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July 02, 2015

A look ahead to the 2016 quarterback class: Cody Kessler edition

Eagles NFL
070215CodyKessler Mark J. Terrill/AP

Southern California quarterback Cody Kessler passes during the first half of an NCAA college football game against Notre Dame, Saturday, Nov. 29, 2014, in Los Angeles.

The Eagles will more than likely head into the season with Sam Bradford as their starting quarterback. Bradford, as we all know, is coming off two consecutive ACL tears, which makes him nearly impossible to project going forward. He is also in the final year of his contract, so this is very much a "Let's see what you got" year for Bradford with the Eagles.

If Bradford proves to be anything close to the player many thought he would be when he was the No. 1 overall pick in 2010, the Eagles will more than likely try to sign him to a long-term contract extension. If his career continues to follow the path it has followed over his first five years in the NFL, the Eagles will be shopping for a new QB in 2016.

And so, we've already begun to take a very early look at the quarterbacks who may be available in the 2016 draft. In case you missed the first two entries of this series, you can see them here:

• Michigan State's Connor Cook

• Ohio State's Cardale Jones

Today we'll look at USC's Cody Kessler (6'1, 210), whose 2014 numbers were outstanding: 69.7 completion percentage, 8.5 yards per attempt, 39 TD passes, 5 interceptions. Because of his breakout season, Kessler is CBS Sports' #2 ranked senior QB behind Connor Cook. Additionally, Chip Kelly has brought in two USC quarterbacks in Matt Barkley and Mark Sanchez, which is worth noting.

According to Tony Pauline, Kessler is thought of by NFL scouts as the best senior QB prospect by a wide margin:

In the first two entries of this series, we showed a number of individual plays that showed the positive and negative attributes that Connor Cook and Cardale Jones bring to the table. For the Cody Kessler edition, we're going to skip that. Unfortunately, the great site only has two videos of Kessler's performances, which were both last year, against Colorado and Arizona State, so we don't have a more extensive library of his work.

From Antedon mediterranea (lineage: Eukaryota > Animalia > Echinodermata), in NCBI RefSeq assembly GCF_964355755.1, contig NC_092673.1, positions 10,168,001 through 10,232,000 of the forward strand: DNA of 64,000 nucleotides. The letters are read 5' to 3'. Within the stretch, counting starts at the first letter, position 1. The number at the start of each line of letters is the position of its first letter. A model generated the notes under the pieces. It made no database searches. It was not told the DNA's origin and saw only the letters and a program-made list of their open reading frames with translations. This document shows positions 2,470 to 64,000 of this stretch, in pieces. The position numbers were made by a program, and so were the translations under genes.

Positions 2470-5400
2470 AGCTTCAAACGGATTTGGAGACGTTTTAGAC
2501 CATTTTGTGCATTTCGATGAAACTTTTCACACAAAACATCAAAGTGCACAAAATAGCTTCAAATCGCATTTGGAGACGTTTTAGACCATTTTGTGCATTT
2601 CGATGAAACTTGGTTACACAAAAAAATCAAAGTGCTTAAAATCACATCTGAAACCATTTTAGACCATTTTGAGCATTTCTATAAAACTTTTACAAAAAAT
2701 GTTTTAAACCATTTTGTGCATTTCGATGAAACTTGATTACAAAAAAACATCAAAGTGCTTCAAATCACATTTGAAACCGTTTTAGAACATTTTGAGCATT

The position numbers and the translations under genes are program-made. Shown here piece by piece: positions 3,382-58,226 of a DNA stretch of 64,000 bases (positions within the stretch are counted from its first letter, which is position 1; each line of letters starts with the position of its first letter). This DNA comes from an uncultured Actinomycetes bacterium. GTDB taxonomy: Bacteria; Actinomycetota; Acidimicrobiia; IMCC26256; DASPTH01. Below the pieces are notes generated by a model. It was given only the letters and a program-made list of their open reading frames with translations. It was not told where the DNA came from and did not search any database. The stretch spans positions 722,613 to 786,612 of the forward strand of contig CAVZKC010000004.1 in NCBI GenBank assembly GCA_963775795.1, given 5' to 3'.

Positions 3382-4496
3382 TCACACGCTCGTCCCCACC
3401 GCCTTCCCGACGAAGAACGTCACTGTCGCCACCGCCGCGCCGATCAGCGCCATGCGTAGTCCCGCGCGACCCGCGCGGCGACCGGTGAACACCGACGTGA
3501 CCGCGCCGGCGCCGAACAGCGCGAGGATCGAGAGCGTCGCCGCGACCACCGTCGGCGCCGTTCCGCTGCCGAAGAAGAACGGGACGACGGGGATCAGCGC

However, the Colorado game in particular intrigued me. In that game Kessler was 19 of 26 for 319 yards, 7 TDs and 0 INT. Those are crazy numbers. However, when you watch that performance, it's pretty unimpressive:

There are certainly some nice throws in the video above, but there were also a lot of inaccurate ones as well. The majority of his completions were easy throws, some of which limited the yards after the catch his receivers could get because of imprecise ball placement.

Here's his game against Arizona State:

In the two videos above you see a lot of negatives: Defensive backs getting hands on balls, defensive linemen batting balls down at the line, inaccurate throws, leaving YAC meat on the bone on completions, holding onto the ball for a long time, a lack of zip on window throws and deep throws, and unimpressive mobility.

There are positives though, too. You can see him looking off safeties to help his receivers get open, which is something that backs up notions about Kessler's smarts.

Still, while Kessler may have great stats and intangibles, I have my doubts that his skill set will translate to the next level.

Follow Jimmy on Twitter: @JimmyKempski